Sexual Violence Among College Students: A Jamaica Plain Community Issue

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Sexual violence among students impacts 1 in 4 women and 1 in 16 men (1). These numbers are staggering and overwhelming, but it is important, not to become numb to those numbers, and to remember that they impact the people all around us.

With upwards of 4,000 undergraduate and graduate students living in Jamaica Plain, studying across different universities, this problem is particularly critical for our community. Setting the rate of prevalence against the student population of our neighborhood, we can estimate that of the 4,000 current students living in our community, 625 of our community members will be sexually assaulted during their time in college. This number is appalling, but to most college students, it is tragically unsurprising.

Sexual violence in college not only impacts the students currently in school living in our neighborhood, but also those who have long since graduated, who have survived this kind of violence, and carry that weight behind them. It ripples beyond survivors themselves, impacting their families. Parents and students should be focused on education and independence, not living in fear of sexual predators and rape culture.

It is time we stop looking at this “silent epidemic” as only a school issue and recognize that it is a matter of public health that impacts our communities and our neighbors. It is too easy to write off these statistics as only numbers, until we recognize that this impacts the student studying next to you in a coffee shop. It impacts the students you see buying groceries at Stop & Shop or Whole Foods. It impacts the many members of our community who have since graduated as
survivors of this violence, and become long term members of our neighborhood.

Complex problems are rarely solved with simple solutions, which is why students from our community have banded together with other college students across our state to identify best practices across the country and to push for legislation that will begin the long process of progress in combating sexual assault and supporting survivors.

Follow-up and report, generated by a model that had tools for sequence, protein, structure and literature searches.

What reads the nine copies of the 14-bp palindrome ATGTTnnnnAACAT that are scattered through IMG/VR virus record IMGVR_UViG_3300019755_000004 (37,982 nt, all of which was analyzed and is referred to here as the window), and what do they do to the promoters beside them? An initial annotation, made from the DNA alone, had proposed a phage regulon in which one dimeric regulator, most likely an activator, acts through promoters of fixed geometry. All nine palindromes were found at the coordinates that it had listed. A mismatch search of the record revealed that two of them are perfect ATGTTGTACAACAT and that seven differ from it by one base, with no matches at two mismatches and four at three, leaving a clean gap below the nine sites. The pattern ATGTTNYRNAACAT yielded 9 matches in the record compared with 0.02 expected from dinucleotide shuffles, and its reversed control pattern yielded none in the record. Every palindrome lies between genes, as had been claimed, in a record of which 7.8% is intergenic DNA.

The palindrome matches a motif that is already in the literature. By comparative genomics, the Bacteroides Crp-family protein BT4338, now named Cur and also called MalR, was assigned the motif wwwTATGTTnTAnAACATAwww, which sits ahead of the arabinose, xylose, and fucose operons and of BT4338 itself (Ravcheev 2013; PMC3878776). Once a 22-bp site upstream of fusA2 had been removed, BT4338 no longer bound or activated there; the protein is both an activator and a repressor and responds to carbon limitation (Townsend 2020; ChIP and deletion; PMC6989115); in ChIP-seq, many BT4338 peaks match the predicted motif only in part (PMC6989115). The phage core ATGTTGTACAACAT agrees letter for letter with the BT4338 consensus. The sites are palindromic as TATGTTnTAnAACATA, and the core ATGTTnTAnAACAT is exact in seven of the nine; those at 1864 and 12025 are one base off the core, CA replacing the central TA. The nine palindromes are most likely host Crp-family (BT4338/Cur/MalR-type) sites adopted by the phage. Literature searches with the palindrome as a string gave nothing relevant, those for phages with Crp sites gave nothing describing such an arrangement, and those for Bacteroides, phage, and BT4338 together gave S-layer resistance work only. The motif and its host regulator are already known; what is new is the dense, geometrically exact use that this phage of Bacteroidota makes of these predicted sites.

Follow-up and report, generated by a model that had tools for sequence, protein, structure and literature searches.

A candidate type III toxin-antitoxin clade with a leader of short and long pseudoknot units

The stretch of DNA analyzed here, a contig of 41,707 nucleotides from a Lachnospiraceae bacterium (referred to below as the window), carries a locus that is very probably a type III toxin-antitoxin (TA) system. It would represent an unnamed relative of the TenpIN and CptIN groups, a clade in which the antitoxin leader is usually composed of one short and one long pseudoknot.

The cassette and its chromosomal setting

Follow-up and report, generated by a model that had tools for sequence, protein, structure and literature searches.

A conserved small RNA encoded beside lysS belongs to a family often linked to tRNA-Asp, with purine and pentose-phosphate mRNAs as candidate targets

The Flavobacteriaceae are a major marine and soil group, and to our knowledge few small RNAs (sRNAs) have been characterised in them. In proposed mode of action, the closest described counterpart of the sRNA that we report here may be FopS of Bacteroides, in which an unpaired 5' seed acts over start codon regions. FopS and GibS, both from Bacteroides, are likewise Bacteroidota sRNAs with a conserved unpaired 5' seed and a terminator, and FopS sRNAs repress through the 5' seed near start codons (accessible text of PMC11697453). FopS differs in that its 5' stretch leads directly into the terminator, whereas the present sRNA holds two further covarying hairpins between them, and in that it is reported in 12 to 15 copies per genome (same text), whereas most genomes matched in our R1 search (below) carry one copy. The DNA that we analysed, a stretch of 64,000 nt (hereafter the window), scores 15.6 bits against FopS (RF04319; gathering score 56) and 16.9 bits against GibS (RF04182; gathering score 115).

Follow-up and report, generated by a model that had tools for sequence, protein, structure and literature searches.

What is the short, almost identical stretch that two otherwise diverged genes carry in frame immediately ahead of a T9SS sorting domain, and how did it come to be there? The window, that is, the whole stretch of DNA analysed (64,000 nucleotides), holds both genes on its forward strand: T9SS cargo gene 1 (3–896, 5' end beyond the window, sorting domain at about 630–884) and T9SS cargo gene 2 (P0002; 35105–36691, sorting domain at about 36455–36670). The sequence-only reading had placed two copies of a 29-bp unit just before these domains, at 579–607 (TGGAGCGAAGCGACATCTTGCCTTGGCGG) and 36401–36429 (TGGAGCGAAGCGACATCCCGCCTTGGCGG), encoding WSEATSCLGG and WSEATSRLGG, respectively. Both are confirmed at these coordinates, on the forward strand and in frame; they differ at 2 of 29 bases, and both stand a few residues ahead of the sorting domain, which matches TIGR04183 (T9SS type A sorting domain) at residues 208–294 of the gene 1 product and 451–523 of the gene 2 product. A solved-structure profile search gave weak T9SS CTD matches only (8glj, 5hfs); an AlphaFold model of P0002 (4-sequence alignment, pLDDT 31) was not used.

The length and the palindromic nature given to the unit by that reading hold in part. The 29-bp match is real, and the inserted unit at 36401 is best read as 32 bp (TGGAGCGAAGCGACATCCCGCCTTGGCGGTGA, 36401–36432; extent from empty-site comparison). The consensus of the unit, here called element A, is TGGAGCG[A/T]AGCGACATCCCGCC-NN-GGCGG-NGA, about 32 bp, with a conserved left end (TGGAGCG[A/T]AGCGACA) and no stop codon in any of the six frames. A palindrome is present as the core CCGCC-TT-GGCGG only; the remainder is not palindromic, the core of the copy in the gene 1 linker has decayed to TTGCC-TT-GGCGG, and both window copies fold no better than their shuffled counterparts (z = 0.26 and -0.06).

Thanks to compassionate and thoughtful state representatives, we have seen success in drafting and proposing legislation that takes the first step in combating sexual violence in college. One bill institutes anonymous surveys on the prevalence and perception of sexual violence on college campuses, a step considered the gold standard in identifying underlying causes of sexual violence and possible solutions in any community. Another bill provides training for students and employees on sexual assault prevention as well as mandates basic supports and protections for survivors who are coming forward to report assaults. Together, these bills have the potential to truly change sexual violence on campus.

Students of Jamaica Plain, like us, are left with one question. What are we waiting for? The bills have seen great momentum and broad public support, including movement through committees and great consensus. They are supported by Jane Doe Inc., the Boston Area Rape Crisis Center, and even the presidents of all 15 Community Colleges of Massachusetts.

These bills currently sit in front of the Massachusetts Committee on Ways & Means, chaired by our very own representative, Jeffrey Sanchez. And so this is our open letter to Representative Sanchez, and all of the members of our Jamaica Plain community, please stand with students. Please stand with survivors. Please take action on these bills.

JP community members, if you would like to stand with students, please call Rep. Sanchez’s office to express support for these two bills at 617-722-2990.

Martha Durkee-Neuman and Erin Thornton are residents of Jamaica Plain and both attend Northeastern University

(1 Krebs, C., Lindquist, C., Warner, T., Fisher, B., & Martin, S. (2007). “The campus sexual assault (CSA) study: Final report.”
National Criminal Justice Reference Service.)
Martha Durkee-Neuman and Erin Thornton are residents of Jamaica Plain and both attend Northeastern University